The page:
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Limited data blamed for poor uptake of housing products in the local market

A discussion on the importance of data in housing has revealed how cluttered the information is, which could be holding back the country from unlocking the sector’s potential.

Several agencies that took part in the recent discussion detailed the gaps in the sector even as some of them revealed plans of refining their data collection processes to make it more detailed.

Some of the gaps in data are how unsecured loans have crowded out mortgages and the lack of affordability classifications in loans from Saccos advanced for housing purposes.

Participants at the recent Affordable Housing Conference organised by the Kenya Mortgage Refinance Company included the Central Bank of Kenya (CBK), Kenya National Bureau of Statistics, State Department for Housing and Urban Development and the Sacco Society Regulatory Authority (Sasra).

Sasra Chief Executive Peter Njuguna while admitting that the authority is yet to collate data to indicate if their disbursements fit the affordable housing category said numbers show Saccos have disbursed Sh110 billion split between housing and land.

“Chances are they are not mortgage but incremental financing,” said Mr Njuguna.

“When the government does not coordinate the market to provide solutions, the market sorts itself out. And to correct that, we need to have a conversation on why there are no active mortgages, yet Saccos are loaning out money,” he added.

He noted that most of the loans disbursed by Saccos are for land and housing acquisition. Housing includes developments, residential, commercial and renovations.

Regarding the question whether it is affordable or not, he said the authority does not get individual loan reports from each institutions reporting to them.

“And perhaps that is where the conversation should go, so that we are able to figure out a Sacco in this quarter gave, for example, loans of up to Sh4 million and where they fit,” he said.

Mr Njuguna said it may be time for Sasra to consider collating this data in detail to determine the affordability or lack thereof of disbursements made by Saccos.

He said Saccos have a lot of land, which is an opportunity for them to partner with in the affordable housing sector.

The Sasra boss said with a clear policy on affordable housing, land is available for development.

“They can restructure member finances to accommodate this. It is a huge opportunity, but again it requires data to assess the demand,” he said.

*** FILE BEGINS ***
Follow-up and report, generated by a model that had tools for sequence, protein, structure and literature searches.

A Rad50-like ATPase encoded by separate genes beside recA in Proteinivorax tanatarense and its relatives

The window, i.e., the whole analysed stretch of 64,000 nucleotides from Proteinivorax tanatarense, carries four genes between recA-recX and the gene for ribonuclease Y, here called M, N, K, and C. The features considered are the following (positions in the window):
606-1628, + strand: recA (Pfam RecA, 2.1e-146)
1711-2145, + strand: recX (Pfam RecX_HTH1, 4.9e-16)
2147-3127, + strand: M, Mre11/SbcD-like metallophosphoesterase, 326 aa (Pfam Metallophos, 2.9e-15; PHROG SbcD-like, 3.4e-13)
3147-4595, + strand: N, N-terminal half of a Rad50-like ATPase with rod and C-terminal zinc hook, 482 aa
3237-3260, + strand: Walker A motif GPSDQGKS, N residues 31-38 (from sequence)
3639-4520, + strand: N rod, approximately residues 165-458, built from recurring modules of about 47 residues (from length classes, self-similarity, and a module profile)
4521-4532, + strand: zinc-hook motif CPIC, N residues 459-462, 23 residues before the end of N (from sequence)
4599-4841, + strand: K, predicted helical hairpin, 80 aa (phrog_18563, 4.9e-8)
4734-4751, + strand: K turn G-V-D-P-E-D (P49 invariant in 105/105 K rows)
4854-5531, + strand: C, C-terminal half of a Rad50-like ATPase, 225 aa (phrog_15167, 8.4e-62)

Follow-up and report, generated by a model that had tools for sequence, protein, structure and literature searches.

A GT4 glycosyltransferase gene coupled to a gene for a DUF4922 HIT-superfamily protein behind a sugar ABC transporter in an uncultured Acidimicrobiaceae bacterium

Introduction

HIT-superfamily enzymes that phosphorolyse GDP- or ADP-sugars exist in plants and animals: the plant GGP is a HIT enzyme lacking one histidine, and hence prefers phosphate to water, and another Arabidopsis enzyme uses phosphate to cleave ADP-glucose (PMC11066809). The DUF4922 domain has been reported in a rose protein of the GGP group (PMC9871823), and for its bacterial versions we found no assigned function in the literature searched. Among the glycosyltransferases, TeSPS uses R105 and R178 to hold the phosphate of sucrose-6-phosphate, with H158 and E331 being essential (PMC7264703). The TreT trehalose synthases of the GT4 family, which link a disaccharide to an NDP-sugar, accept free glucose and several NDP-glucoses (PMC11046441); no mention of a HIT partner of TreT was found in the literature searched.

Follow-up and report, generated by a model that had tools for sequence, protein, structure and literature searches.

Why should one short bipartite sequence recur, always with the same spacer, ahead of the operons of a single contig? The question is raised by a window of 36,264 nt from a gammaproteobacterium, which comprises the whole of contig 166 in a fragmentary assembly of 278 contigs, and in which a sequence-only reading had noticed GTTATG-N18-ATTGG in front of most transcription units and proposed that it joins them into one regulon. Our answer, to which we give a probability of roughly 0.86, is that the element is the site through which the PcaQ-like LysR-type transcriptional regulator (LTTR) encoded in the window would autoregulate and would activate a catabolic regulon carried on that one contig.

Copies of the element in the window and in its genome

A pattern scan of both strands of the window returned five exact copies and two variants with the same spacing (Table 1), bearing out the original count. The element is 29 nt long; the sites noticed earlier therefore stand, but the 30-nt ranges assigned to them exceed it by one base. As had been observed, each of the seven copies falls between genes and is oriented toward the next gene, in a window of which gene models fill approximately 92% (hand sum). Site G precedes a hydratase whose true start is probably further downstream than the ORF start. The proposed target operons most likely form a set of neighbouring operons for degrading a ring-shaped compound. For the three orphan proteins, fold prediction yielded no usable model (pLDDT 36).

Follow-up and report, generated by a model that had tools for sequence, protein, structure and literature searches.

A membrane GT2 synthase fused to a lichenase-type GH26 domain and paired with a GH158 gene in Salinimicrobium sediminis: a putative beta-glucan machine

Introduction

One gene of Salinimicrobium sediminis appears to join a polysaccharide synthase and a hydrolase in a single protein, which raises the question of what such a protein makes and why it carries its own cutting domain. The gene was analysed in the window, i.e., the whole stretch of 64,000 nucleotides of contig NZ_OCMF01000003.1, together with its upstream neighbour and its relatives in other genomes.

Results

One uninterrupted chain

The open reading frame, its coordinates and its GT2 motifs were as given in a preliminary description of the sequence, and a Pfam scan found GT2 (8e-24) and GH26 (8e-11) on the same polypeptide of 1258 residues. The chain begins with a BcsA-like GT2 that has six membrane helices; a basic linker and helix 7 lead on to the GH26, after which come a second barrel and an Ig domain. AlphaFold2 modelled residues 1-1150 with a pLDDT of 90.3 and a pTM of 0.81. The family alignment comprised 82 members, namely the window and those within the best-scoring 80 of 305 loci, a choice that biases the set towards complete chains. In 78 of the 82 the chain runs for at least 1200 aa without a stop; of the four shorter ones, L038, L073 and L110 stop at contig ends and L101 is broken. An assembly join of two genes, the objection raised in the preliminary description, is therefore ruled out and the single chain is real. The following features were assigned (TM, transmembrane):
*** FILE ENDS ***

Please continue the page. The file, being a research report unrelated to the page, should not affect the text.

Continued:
The forum, which was attended by developers and financiers, among other players, raised concerns on the availability of data on unsecured loans, which they noted is a hindrance to growth of mortgages.

CBK Deputy Director and Head of Sector and Fiscal Analysis Division Dr Daniel Mwirigi said the regulator has issued guidelines that should determine how banks lend to the market. This includes digital lenders.

He said the guidelines were issued to ensure lenders take account of the risk factors. He, however, admitted that the regulator may not be aware of how unsecured loans are crowding out mortgages.

Mr Mwirigi said the query would be forwarded to the bank supervision department.

“But banks are free to do risk-based lending,” he said.

Some of these data gaps will be answered in the upcoming 2023/24 Kenya Housing Survey, which will be conducted by the Kenya National Bureau of Statistics and the State Department for Housing and Urban Development in partnership with the World Bank.

Isaac Ndegwa, from the KNBS Industrial Statistics Division, said the survey will measure the housing aspect but with other components to make the data detailed.

“One of the areas we are targeting is we need to get hold of financiers, developers and professional bodies because we want to get their view with regards to housing issues,” he said.  

This will involve determining the actual gap in housing, which has for long been two million against the urbanisation rate of 4.4 per cent.

“If the requirement is 250,000 units every year and what we are getting from supply is about 50, 000, then that deficit has been incremental. These are no as statistical units we need to god own on the ground and take stock,” he said.

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